By NICK SEACORD
In late June, the United States Supreme Court overruled a 1977 ruling in Abood v. Detroit Bd. of Ed., holding that States and public-sector unions may no longer extract agency fees, also known as “fair share dues,” from non-consenting employees. For 41 years, “union security clauses” were commonplace in public union contracts.
“Thousands of contracts covering millions of workers provide for agency fees,” according to an estimate from a 2014 opinion in Janus v. American Federation of State, County and Municipal Employees.
Under Janus, States and public-sector unions may no longer extract agency fees from non-consenting employees “unless the employee affirmatively consents to pay.” Such consent must be “freely given and shown by clear and compelling evidence.”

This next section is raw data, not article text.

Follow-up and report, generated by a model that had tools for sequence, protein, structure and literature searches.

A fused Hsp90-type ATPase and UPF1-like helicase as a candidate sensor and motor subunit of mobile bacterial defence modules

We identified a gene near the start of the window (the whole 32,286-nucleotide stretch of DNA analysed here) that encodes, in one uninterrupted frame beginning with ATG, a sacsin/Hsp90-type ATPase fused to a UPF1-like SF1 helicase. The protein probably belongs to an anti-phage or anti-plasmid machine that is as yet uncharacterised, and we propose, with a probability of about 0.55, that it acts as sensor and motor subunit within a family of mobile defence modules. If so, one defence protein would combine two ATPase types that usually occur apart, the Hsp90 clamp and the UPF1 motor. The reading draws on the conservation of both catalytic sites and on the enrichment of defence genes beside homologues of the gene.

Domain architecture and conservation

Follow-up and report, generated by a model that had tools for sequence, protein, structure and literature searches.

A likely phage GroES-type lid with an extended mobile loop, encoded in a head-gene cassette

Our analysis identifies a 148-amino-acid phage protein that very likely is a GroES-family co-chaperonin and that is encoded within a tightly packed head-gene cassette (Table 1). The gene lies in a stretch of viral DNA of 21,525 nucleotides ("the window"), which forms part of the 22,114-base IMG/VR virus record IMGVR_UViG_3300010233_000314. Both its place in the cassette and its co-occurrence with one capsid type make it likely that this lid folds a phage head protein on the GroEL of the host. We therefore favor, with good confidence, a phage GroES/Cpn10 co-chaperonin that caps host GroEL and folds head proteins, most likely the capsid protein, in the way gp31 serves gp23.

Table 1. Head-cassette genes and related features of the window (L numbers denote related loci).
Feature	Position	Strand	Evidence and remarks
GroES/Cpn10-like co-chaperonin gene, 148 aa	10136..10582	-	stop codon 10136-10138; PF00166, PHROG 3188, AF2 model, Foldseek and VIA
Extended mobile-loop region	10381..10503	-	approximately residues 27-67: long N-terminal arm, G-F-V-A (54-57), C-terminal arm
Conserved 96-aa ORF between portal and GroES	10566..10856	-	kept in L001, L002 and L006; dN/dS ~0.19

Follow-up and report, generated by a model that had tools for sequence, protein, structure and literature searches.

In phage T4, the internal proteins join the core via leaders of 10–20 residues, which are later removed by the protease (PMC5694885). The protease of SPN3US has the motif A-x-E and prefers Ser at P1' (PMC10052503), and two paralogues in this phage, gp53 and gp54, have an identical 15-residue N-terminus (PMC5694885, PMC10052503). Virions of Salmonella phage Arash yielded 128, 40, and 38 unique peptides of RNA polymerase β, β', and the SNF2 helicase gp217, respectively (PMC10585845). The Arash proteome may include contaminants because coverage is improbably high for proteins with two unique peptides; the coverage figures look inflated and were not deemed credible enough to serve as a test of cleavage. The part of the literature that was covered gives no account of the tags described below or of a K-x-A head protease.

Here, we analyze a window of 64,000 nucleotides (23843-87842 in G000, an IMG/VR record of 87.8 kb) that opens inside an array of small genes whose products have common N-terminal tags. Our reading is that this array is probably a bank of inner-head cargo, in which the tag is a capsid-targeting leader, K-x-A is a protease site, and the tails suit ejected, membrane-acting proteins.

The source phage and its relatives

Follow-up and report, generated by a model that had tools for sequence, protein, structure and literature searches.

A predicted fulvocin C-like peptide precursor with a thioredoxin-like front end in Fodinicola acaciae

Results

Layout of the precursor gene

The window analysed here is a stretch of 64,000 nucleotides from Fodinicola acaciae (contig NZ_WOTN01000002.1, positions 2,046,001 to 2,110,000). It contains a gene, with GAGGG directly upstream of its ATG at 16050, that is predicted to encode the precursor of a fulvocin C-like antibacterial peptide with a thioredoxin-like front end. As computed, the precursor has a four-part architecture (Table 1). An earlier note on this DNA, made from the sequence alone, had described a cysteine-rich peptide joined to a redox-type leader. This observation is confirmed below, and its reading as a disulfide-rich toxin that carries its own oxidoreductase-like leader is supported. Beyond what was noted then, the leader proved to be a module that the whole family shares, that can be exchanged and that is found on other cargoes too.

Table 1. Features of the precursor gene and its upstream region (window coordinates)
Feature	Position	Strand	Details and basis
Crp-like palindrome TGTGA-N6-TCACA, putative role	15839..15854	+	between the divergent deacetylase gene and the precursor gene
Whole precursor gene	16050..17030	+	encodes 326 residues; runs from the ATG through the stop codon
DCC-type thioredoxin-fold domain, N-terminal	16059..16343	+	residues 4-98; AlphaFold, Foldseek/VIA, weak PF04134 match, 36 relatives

Given this strong language, public employers with traditional agency shops — i.e., workplaces where the employer may hire union or non-union workers, but non-union workers must pay an agency fee — should not assume any employees, including dues-paying union members, have “freely” and “affirmatively” given their consent to ongoing union-related payroll deductions. Instead, public employers should properly notify employees of their rights under Janus and develop a strategy for ensuring they have received affirmative consent before continuing to extract union dues or agency fees.
Proactive communication with unions will also be essential as both sides make sense of the Supreme Court’s ruling.